2. Revisions and additions of special provisions. Included is the addition of a special provision for assignment to aerosol entries setting forth the criteria for classifying aerosols. If you ship "Limited Quantities" of flammable liquids in PGII, under certain proper shipping names, e.g., "Adhesives, containing a flammable liquid," "Coating solutions," "Extracts flavoring, liquid," "Printing ink, flammable," "Paint," "Paint related material," "Perfumery products," "Resin solution," and more, then you will want to look at Special Provision 149. The special provision will allow the maximum net capacity for inner packagings to be increased from 1 L (0.3 gal) to 5 L (1.3 gal) when the material is transported as a limited quantity.

3. Addition of a requirement to include the subsidiary hazard class or subsidiary division number entered in parentheses following the primary hazard class or division number on shipping papers. While listing subsidiary hazards has been required by international regulations for air and water transportation, in domestic transportation the subsidiary hazard was only required [by 49 CFR] for transportation by water. Now it will be required for all modes. For example, if you are shipping "Ethyl chloroacetate," which has a primary hazard of division 6.1 (toxic) and a subsidiary hazard of class 3 (flammable), you could list the basic description as "Ethyl chloroacetate, 6.1 (3), UN1181, PGII". This would not be required if the proper shipping name included the subsidiary hazard, e.g., "Toxic liquids, corrosive, organic, n.o.s." Since this is a significant regulatory change, the DOT is allowing until October 1, 2005, before compliance becomes mandatory in domestic transportation.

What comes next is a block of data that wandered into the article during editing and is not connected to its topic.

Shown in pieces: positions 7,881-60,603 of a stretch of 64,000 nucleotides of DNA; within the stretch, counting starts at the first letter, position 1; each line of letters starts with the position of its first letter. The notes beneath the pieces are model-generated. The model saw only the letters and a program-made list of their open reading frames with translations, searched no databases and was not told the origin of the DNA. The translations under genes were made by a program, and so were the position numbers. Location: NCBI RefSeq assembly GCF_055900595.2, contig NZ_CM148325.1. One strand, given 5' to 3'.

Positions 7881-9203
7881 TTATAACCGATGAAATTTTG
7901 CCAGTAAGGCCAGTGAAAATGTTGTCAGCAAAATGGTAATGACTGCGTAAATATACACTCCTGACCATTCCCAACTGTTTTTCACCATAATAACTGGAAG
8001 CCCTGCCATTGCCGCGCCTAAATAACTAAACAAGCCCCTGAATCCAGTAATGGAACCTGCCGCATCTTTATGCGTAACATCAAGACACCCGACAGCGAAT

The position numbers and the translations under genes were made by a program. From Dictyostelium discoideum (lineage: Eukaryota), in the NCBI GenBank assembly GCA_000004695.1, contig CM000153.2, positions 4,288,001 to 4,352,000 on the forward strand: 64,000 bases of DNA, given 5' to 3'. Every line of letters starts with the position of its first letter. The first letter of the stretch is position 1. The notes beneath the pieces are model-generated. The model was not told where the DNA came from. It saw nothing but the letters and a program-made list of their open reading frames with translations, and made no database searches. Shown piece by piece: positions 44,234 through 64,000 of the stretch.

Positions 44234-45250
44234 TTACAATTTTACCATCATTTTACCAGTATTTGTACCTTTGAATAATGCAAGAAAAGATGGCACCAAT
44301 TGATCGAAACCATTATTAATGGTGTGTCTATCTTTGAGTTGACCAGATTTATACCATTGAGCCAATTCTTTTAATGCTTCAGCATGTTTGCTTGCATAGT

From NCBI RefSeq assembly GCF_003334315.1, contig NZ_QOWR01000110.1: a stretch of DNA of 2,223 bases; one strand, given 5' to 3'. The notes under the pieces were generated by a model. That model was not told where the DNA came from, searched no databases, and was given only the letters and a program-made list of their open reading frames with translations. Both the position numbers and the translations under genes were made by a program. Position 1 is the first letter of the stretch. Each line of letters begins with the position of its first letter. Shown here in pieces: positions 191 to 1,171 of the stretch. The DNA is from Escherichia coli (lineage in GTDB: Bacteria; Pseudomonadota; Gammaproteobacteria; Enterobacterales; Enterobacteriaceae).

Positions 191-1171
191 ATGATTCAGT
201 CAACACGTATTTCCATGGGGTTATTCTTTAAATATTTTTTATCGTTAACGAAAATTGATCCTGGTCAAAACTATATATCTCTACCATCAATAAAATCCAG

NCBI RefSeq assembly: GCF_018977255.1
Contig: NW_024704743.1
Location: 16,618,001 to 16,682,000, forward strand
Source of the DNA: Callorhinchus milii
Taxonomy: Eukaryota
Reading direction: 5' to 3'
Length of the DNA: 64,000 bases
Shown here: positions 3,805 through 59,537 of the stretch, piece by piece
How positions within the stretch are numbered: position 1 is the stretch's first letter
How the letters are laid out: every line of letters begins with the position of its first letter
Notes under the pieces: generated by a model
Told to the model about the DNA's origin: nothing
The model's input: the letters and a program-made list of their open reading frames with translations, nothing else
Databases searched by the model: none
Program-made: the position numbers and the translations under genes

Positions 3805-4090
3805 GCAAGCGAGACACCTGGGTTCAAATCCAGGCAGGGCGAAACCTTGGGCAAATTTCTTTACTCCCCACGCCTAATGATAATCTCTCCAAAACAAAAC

4. Addition of a requirement to indicate the number and types of packagings on shipping papers. While this has been a requirement for domestic ocean transportation, a LTL shipment by highway would not have required this information. For example, a shrink-wrapped skid containing one (1) drum and three (3) boxes of flammable paint could have been listed as "1" in the pieces column on a bill of lading. 49 CFR will be changed to require "1 drum" and "3 boxes." Since this is also a significant regulatory change, the DOT is allowing until October 1, 2007, before compliance will be mandatory.